Why don't you take that pretty bouquet...
and put it in some water?
OK.
NORA: Did you have a nice time at the wedding?
MAX: Shit.
NORA: They turned it out when I was at work,
so I had to sit in the dark when I come home.
I'm afraid of the dark.
Maybe I forgot to tell you how I'm afraid of the dark.
So I called information and got your mother's number.
And surprise.
I told her I was a friend of yours... in the dark.
Didn't even get to watch "Some Like It Hot" on TV.
Your mom says she likes Marilyn, but she thinks she was murdered.
I'm sorry.
Yeah, you're always sorry.
So... who'd you bring to this shindig?
Some fresh young thing with a tight little ass...
and a college education?
No.
Bet you I got one thing up on her.
Bet she can't hold a candle to me in the fucking department.
That's enough.
NORA: I might be a dumb Hoosier,
but that's one thing I know how to do, don't I, baby?
And I'll say when it's enough.
There's no other woman.
NORA: Bullshit.
I wish there was, but there isn't.
I can't look at another woman without wanting you.
I'm afraid you're going to have to do better than that.
MAX: Nora, I don't know... NORA: Why did you lie to me?!
I don't know what's happening to me.
I have never wanted a woman as much as I wanted you,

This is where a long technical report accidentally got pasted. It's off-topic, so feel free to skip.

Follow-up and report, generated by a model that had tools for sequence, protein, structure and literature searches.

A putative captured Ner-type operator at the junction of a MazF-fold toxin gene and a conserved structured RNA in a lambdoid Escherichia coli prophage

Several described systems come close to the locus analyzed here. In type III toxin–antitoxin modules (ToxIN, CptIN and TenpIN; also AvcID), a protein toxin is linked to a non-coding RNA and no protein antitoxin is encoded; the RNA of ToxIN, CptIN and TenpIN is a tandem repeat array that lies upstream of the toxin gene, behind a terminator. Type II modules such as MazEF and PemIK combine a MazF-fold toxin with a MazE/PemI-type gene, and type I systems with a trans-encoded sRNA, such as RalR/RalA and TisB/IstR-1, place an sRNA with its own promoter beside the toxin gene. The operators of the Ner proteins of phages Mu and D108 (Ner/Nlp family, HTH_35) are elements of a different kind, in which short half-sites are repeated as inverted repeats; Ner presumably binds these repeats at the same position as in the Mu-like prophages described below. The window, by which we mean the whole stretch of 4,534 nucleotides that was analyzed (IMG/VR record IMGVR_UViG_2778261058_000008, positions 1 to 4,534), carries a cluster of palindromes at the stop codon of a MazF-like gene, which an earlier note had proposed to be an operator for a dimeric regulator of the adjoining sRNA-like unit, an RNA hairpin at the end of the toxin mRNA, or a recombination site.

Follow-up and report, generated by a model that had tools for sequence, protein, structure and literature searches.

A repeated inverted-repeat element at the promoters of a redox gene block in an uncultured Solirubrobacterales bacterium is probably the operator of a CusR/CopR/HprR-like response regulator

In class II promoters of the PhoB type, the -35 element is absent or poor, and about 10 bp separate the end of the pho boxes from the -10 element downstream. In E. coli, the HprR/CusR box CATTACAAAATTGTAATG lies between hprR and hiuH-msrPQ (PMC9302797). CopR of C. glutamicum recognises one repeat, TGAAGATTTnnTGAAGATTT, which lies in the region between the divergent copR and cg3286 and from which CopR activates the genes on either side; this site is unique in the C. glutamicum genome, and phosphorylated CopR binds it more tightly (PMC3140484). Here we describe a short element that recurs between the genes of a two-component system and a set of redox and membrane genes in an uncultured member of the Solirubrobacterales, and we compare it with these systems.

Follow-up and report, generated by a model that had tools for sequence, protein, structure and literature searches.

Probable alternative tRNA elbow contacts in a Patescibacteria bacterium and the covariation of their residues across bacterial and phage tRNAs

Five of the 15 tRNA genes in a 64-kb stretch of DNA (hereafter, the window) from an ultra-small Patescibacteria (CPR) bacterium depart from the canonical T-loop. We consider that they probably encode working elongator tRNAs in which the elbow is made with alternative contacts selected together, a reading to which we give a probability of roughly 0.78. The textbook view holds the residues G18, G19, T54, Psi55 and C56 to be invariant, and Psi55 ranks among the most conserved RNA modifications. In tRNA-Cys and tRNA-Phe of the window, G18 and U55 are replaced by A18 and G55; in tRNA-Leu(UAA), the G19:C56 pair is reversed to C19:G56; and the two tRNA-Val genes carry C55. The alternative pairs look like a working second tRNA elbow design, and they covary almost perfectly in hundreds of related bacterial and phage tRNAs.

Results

never, not even my wife.
You better be careful with words like that.
Words like that could kill a person if you don't mean it.
Well, I mean it.
That you love me more than you do your wife?
I didn't say that.
I said I wanted you more than my wife.
What's the difference?
I don't know.
I don't know.
I only know that when I'm not with you,
I'm a total wreck.
NORA: And when you are with me?
I'm a different kind of total wreck.
Why did you lie to me?
MAX: Have you ever been to a Jewish wedding?
Not recently.
It wouldn't have been that easy.
I wanted to save us a cross-examination.
Oh, bullshit.
You were embarrassed to take me there, weren't you?
Nora, that's not true.
There's nothing I hate more than being lied to.
I'd rather have a man beat me up.
At least then you stand a chance of defending yourself.
You know, every time we have a date...
and you show up on time...
I'm so damn grateful, it's downright sickening.
Because I don't expect you to show up at all.
But you do.
And every time you do, I just can't believe it.
And I'm so damn happy because...
because I'm thinking maybe you'll stick around a while.
NORA: And I'm believing in you.
Because you told me the first time that I met you...
that you didn't gobble and you didn't lie.
I don't give a shit if you gobble,
but don't you ever lie to me again.
Because I'll forgive you once, but I won't forgive you twice.
[Football game playing on television]
[Knock on door]
[Loud knocking]
Everything all right here?
Yep. Oop.
Oh, jeez.
Don't tell me. You are... Ray.
No.
WOMAN: Ned? MAX: No.
It has three letters.
Max.
Uh-huh. Uh-huh.
Well, who am I?
I don't have any idea who you are.
Well, I'm Judy.
I am Nora's big sister.
Her sister?
JUDY: Where is that girl?
She's at work.
May I come in?
Uh, um, yeah. Come in.
JUDY: Thank you. I'm not surprised...
if she didn't tell you anything about me.
JUDY: Who's winning?
MAX: I don't know. I, uh... fell asleep.
She never was very tidy.
I left her back home with Mr. And Mrs. Robles.
I can still see her face watching me walking up the road.